The People’s Democratic Party’s triumph in winning 39 of the 47 constituencies during the primary round was a genuine surprise. This unexpected outcome not only caught the electorate off guard, but also shocked other political parties and even the party’s own supporters and well-wishers.

“I don’t know” is the only ready answer as many try to analyse why the landslide victory. Many expected PDP to come back. They had five years to prepare and had a vigorous campaign period despite some controversy, some of which has played to their hands, but the way they galloped from the primary round with more than double the votes of the runner-up, Bhutan Tendrel Party, was unexpected if not astonishing.

The initial anticipation was that PDP would be one of the five parties to advance through the primary round. However, the scale of the victory shocked the Bhutanese, even if a victory with such a margin or more had happened in the first Assembly elections.  The margin was substantial that in many constituencies the total votes of four other parties combined was lesser than what PDP secured. It was indeed an overwhelming and a massive victory.

What the PDP achieved in this round went beyond just sweeping constituencies; it disrupted the cranes’ roost in Pemagatshel. The PDP won the Nanong-Shumar constituency, a stronghold of Druk Phuensum Tshogpa, came second in Nganglam, and third in Khar-Yurung. Where it won, it won big and where it lost, it lost by a few votes. In Khamed-Lunana where PDP came second, the difference was a mere four votes.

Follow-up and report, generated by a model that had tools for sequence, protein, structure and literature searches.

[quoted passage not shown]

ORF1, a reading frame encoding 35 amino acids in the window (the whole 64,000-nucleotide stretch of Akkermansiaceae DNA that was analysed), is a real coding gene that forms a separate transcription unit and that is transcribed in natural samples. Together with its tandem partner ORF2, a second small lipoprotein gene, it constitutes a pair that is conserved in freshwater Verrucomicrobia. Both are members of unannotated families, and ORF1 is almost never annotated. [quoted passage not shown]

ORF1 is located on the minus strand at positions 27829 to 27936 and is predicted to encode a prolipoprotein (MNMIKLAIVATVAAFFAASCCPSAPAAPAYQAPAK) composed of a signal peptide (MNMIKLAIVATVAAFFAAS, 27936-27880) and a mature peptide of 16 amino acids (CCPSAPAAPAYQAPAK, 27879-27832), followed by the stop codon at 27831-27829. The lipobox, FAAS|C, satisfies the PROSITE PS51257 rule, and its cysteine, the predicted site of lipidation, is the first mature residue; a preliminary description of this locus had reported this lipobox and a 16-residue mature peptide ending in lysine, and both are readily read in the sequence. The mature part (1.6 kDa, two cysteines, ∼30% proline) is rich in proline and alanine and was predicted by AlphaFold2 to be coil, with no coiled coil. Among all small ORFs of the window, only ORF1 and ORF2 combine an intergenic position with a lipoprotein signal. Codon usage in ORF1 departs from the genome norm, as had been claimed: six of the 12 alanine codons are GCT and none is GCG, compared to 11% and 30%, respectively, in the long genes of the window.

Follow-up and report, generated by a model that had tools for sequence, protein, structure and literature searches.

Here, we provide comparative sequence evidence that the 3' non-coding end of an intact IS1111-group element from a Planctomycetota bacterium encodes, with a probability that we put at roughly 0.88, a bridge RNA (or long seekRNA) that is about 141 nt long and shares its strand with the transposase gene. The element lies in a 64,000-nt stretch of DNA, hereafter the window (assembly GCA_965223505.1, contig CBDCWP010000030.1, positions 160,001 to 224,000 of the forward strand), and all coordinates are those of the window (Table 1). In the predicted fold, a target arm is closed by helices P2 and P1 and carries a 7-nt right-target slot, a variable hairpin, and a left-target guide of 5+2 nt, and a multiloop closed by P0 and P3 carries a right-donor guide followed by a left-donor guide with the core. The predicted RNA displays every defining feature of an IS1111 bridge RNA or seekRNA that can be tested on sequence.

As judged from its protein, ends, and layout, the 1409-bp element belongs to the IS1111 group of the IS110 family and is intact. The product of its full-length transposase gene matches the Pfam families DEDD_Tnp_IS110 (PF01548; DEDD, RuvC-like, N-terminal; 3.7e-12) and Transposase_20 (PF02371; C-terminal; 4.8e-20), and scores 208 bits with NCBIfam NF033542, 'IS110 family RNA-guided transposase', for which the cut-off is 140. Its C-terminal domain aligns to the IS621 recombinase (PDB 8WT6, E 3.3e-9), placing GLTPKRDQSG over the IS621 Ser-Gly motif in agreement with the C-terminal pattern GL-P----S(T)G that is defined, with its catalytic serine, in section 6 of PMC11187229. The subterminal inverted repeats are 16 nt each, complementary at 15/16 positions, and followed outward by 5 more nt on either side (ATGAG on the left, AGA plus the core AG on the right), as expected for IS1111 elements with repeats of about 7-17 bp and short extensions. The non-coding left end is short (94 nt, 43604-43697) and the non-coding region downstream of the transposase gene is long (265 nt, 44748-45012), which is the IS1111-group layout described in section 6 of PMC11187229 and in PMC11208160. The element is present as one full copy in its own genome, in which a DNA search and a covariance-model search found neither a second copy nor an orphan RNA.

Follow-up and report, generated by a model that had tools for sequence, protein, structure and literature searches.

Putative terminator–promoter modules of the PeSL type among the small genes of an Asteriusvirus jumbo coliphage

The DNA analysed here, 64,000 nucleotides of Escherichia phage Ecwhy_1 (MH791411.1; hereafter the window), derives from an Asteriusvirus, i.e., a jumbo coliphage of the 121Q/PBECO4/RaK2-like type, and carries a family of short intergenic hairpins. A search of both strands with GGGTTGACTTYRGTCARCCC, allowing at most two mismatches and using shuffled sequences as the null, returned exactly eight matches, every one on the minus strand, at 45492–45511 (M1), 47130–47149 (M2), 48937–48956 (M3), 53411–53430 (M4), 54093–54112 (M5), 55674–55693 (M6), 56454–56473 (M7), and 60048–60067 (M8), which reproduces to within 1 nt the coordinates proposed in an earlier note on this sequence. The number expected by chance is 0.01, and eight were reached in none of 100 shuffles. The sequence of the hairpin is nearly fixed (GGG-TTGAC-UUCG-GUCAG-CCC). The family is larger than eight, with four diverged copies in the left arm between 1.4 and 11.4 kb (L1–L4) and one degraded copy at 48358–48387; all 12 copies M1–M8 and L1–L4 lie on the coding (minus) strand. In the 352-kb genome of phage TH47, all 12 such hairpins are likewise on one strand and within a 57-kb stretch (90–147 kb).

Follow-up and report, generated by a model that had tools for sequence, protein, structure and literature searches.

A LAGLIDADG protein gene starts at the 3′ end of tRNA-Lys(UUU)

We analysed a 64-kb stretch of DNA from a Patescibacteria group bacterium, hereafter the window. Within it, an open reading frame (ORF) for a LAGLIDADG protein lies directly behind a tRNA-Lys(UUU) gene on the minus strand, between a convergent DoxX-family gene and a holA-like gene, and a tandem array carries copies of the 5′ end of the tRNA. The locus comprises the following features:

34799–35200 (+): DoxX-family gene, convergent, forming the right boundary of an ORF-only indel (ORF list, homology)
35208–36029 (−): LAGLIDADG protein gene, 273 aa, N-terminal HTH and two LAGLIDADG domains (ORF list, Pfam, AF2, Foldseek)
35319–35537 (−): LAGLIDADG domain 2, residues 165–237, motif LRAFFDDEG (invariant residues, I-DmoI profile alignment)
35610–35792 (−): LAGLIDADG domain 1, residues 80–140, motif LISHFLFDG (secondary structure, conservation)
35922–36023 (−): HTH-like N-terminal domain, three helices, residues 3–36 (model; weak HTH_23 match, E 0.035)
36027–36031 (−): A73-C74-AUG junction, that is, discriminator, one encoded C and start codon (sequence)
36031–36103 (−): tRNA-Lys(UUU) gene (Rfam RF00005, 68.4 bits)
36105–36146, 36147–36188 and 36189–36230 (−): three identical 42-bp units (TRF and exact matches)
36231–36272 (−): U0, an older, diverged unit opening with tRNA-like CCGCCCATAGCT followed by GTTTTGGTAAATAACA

In the Kanglung-Samkhar-Udzorong constituency, where BTP’s president was contesting, PDP came second with a difference of 1,458. This stands in contrast to Pangbang or North Thimphu, the constituencies of two party presidents, where PDP won with comfortable margins.

Based on the results of the primary round, PDP, many say, is galloping away to win the fourth National Assembly election. The figures are encouraging. The party that governed from 2013-2018 has won with a huge margin on both the postal ballot and on the EVMs. It won 49 percent of the total votes cast yesterday with five parties in contention.

However, that the primary round results are an indication of how the general round will go should be approached with some caution. We have seen in the past how tables turn in the general round. And this time around, we have supporters of three parties waiting to decide whom to support.

Besides, like a political analyst said, a huge margin does not spell well for the winner. This is because knowing Bhutanese voters, they emphasise the less powerful and, like in the past, have the tendency to give chance to a new party. How the parties campaign from tomorrow and where the supporters of the DPT, DNT and DTT would lean will decide the general round. A same result like the primary round would mean absolute majority.

Meanwhile, securing the least number of votes, DTT could bow out as a political party unless they regroup and come back to contest without state funding. Despite DPT taking a break after three consecutive terms, the unwavering determination of its supporters was once again evident, with the party securing a respectable third place.